The social license to operate a business is changing. Thanks to increasing pressure and demands from investors, consumers, and other key stakeholders, leading companies are looking beyond traditional measures of success. In addition to driving growth and profit, today’s businesses are also expected to take action on a range of sustainability and social impact issues, from climate change to responsible supply chains, to diversity, equity and inclusion. However, developing a set of strategic initiatives that drive positive impact across these areas is easier said than done – and if you’re struggling to bridge the gap between commitment and action, you’re not alone.
Often, what’s missing is an integrated strategy. Learn why having an integrated strategy, led by an integrated set of outcomes, is so important, the benefits you’ll gain, and how to get started.
Changing landscapes demand a new kind of strategy
Even with the best intentions, you’ll risk falling short on impact if your ESG efforts aren’t baked into your company’s DNA. That’s because tackling complex problems like climate change or social injustice at the root cause level requires a profound shift in mindset.
To create real impact, your ESG strategy needs to be integrated across departments and used to drive business model innovation.
What does this mean in practice? It means treating your ESG initiatives as the way you do business, not merely as an awareness or compliance exercise. For example, a beauty company should ensure its raw materials are sustainably sourced and be accountable for ethical labor practices within its supply chain. To do this, it must connect the dots between functions like product design, environmental impact, and responsible sourcing.
Bottom line – the days when environmental and social impact investments could be delegated to the “office down the hall” are over. It’s not enough to have siloed programs targeting different outcomes.
Integrating your ESG strategy means taking a holistic view
Taking a holistic view of why and how your business operates is at the heart of creating an integrated strategy. This means your strategy should go beyond a common set of business KPIs and start to measures indicators across categories like carbon, waste and workplace conditions. Consider your business model, partnerships, challenges and future goals – and most importantly – where you’re uniquely positioned to create impact. You’ll want to answer both “why?” and “why us?”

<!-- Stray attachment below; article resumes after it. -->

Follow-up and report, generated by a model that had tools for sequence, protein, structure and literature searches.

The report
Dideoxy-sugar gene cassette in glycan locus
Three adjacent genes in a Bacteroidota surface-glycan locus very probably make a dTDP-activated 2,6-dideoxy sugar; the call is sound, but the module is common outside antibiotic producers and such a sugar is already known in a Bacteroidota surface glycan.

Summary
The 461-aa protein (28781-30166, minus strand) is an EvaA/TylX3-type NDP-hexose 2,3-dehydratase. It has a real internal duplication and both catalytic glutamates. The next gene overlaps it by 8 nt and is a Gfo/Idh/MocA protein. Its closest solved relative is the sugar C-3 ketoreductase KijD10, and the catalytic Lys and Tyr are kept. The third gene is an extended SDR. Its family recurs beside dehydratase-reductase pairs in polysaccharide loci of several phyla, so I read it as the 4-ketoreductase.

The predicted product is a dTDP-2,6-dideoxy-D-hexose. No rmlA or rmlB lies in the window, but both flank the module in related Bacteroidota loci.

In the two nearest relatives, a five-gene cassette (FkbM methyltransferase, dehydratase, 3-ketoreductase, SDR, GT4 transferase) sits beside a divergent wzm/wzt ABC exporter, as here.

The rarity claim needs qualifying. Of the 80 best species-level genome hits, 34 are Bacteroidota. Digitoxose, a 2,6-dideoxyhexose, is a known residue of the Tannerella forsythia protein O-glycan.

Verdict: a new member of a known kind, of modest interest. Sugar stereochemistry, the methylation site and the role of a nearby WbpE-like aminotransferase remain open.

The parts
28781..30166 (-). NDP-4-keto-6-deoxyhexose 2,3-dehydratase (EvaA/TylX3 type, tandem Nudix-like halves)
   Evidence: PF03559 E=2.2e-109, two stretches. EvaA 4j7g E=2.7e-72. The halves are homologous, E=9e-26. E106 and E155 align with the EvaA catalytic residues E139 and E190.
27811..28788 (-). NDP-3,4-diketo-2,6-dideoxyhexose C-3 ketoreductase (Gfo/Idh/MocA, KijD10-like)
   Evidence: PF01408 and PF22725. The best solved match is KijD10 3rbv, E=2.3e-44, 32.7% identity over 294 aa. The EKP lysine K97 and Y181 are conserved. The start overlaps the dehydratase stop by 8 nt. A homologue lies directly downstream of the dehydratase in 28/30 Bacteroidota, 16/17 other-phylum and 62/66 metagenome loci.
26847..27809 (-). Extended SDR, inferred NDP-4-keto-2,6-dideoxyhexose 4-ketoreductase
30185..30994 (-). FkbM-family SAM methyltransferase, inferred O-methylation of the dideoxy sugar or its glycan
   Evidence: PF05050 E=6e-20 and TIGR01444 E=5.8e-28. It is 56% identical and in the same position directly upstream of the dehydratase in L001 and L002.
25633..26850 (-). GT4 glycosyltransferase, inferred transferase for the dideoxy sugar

For instance, if you’re a global retailer ask yourself, how can we use our buying power to encourage production and movement of reasonably priced sustainable materials? How can we build partnerships to positively impact the lives of people who make our products? How can we inspire consumers to make more sustainable choices while driving sales? How can we drive competitors to follow suit and engage in pre-competitive collaboration?
The key is to look holistically at your entire business, not just your social impact or sustainability department. This will not only help you identify and mitigate your biggest sustainability and social impact risks but also uncover your greatest opportunities. For instance, one often overlooked opportunity for engagement is with your public affairs department. Having a seat at the table to influence policy or advocacy agendas is crucial to getting ahead of emerging legislation like the recently passed Inflation Reduction Act. It also gives you visibility into your company’s positioning on key issues so you can ensure you’re putting your money where your mouth is on the issues you care about. Your brand depends on it.
How to build an integrated ESG strategy
As with any strategy, an integrated strategy is an organized set of hypotheses – your best guess on where the world is going and how you should respond. Especially when it comes to ESG, your success hinges on effectively measuring results and being adaptive in the face of new market trends and information. This process – creating systems to evaluate and manage your impact, then continually learning and adjusting – is even more critical than building the strategy itself. This stage of work is fundamental to bringing your integrated strategy to life but is far less understood and more difficult to tackle.